- Brain chemistry
- Family history
- Life events
- Environmental factors
Having a dual diagnosis can complicate treatment and requires therapists who specialize in co-occurring issues. Drug and alcohol addictions in women often accompany mental health disorders. Among U.S. women with mental health disorders, two out of five struggled with drug abuse, and 75% struggled with alcohol use disorder, according to the 2019 National Survey on Drug Use and Health.
Crestview’s drug treatment programs include a 12-step recovery approach to substance abuse that also helps women develop coping skills for social situations and events that trigger anxiety. By facing your emotions and allowing yourself to work through them, you can gradually learn to cope with the intense feeling—without resorting to substance abuse.
How to Work With an Intervention Specialist
Trying to intervene on your own can just make matters worse. The person struggling can resent you getting involved. They may get angry or aggressive, and even put you in a situation where they feel threatened, and you feel unsafe. Interventions are more likely to be successful when people stick to the following guidelines:
- The number-one goal is to get the person into treatment
- Explain that the person’s life has gotten out of control
- Acknowledge trauma, but don’t approach the person with pity
- Expect arguments from the person that don’t make a lot of sense
- Don’t accept promises to cut back or quit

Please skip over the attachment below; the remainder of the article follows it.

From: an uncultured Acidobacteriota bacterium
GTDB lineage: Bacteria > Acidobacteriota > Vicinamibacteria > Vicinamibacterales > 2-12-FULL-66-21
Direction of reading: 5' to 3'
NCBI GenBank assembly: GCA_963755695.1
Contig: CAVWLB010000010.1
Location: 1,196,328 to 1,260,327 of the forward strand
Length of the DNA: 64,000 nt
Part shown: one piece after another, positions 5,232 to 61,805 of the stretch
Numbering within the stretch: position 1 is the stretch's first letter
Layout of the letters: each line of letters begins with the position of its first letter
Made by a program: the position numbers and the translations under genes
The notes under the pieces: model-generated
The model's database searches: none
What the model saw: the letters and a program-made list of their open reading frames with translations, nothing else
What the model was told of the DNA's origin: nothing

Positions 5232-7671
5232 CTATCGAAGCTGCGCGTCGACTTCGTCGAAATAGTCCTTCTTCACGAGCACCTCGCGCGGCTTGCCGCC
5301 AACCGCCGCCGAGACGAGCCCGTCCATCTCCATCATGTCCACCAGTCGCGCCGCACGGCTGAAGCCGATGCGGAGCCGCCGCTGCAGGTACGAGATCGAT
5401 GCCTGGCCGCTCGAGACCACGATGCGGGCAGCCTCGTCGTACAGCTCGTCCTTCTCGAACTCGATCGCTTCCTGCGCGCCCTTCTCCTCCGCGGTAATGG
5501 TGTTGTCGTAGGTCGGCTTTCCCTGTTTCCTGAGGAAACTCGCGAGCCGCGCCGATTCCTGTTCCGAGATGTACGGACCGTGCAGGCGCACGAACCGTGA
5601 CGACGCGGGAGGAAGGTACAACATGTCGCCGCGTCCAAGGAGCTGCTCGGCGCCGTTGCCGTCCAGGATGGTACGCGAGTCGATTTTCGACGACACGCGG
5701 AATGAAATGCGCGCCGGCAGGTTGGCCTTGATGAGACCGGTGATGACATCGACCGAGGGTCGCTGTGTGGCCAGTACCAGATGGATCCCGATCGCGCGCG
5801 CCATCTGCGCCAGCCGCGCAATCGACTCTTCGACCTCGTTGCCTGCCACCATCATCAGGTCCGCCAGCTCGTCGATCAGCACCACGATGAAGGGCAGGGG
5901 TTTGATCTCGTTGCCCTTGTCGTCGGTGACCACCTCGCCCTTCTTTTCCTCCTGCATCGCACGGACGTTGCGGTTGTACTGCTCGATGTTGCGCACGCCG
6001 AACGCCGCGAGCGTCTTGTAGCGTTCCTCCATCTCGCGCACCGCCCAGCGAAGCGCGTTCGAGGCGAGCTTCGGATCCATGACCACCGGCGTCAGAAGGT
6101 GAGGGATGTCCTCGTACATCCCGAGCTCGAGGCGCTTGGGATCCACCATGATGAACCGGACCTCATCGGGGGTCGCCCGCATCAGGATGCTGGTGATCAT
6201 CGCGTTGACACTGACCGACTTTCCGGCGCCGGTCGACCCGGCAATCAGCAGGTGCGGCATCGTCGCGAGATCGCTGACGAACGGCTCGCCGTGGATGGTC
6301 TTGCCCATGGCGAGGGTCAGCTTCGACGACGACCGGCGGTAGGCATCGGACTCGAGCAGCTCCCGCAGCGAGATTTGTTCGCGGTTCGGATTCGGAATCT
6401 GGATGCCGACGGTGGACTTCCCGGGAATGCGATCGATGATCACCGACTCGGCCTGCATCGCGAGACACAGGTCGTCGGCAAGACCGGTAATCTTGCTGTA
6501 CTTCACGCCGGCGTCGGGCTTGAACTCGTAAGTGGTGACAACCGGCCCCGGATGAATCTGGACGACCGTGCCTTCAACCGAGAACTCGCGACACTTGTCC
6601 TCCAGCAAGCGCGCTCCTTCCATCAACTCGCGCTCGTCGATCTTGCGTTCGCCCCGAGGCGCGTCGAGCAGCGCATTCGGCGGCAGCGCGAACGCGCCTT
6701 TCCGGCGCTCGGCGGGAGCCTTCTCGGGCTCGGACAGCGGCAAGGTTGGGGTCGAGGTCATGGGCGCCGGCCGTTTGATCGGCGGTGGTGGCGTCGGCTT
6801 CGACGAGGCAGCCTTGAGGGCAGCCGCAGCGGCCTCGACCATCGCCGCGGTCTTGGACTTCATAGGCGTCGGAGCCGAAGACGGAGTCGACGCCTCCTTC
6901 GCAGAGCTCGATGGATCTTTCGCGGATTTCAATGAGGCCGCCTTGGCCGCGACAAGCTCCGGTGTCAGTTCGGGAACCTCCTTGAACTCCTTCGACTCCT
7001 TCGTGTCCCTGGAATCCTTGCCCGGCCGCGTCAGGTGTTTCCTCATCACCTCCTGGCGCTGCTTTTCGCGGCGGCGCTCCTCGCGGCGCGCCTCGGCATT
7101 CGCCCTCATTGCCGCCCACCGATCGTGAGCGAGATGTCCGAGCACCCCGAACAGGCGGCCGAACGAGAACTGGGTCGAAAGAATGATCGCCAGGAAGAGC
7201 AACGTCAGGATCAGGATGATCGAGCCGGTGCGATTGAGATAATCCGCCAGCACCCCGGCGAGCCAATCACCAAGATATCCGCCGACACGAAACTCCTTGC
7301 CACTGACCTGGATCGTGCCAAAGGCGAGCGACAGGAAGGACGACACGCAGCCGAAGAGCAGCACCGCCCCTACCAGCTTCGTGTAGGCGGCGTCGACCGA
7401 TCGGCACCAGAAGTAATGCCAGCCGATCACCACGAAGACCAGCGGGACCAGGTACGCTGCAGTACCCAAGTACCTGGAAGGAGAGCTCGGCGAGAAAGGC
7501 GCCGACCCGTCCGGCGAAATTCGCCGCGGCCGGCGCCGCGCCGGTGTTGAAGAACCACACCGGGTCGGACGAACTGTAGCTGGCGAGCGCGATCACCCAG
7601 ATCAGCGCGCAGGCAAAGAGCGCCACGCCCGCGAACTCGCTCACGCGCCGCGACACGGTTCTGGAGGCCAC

The first step is to contact an intervention specialist or an addiction treatment center that offers intervention services. The interventionist will start the conversation and keep the communication going between everyone involved. An intervention specialist will make for a successful intervention where the affected individual can finally admit they are in denial and get the treatment they need.
Women’s Treatment Program in Oregon
At Crestview Recovery in Oregon, we tailor recovery programs for each client. We have gender-specific programs that allow you to explore holistic and evidence-based therapy to find the techniques that help you the most. Our highly qualified staff includes medical professionals and licensed therapists who specialize in drug and alcohol use disorders and co-occurring issues. Our residential treatment program reinforces recovery core values at every group and individual session. In our recovery and aftercare programs, you receive rehab tips to help you stay focused on your journey of self-discovery.
Now is the time to seek treatment. Contact us at 866.262.0531 to find out more about our addiction treatment and mental health programs for women.
Since 2016, Dr. Merle Williamson, a graduate of Oregon Health Sciences University, has been the Medical Director at Crestview Recovery, bringing a rich background in addiction medicine from his time at Hazelden Treatment Center. He oversees outpatient drug and alcohol treatments, providing medical care, setting policies, detox protocols, and quality assurance measures. Before specializing in addiction medicine, he spent 25 years in anesthesiology, serving as Chair of Hospital Pharmacy and Therapeutics Committee and Chief of Anesthesia at Kaiser Permanente. This experience gives him a unique perspective on treating prescription drug addiction.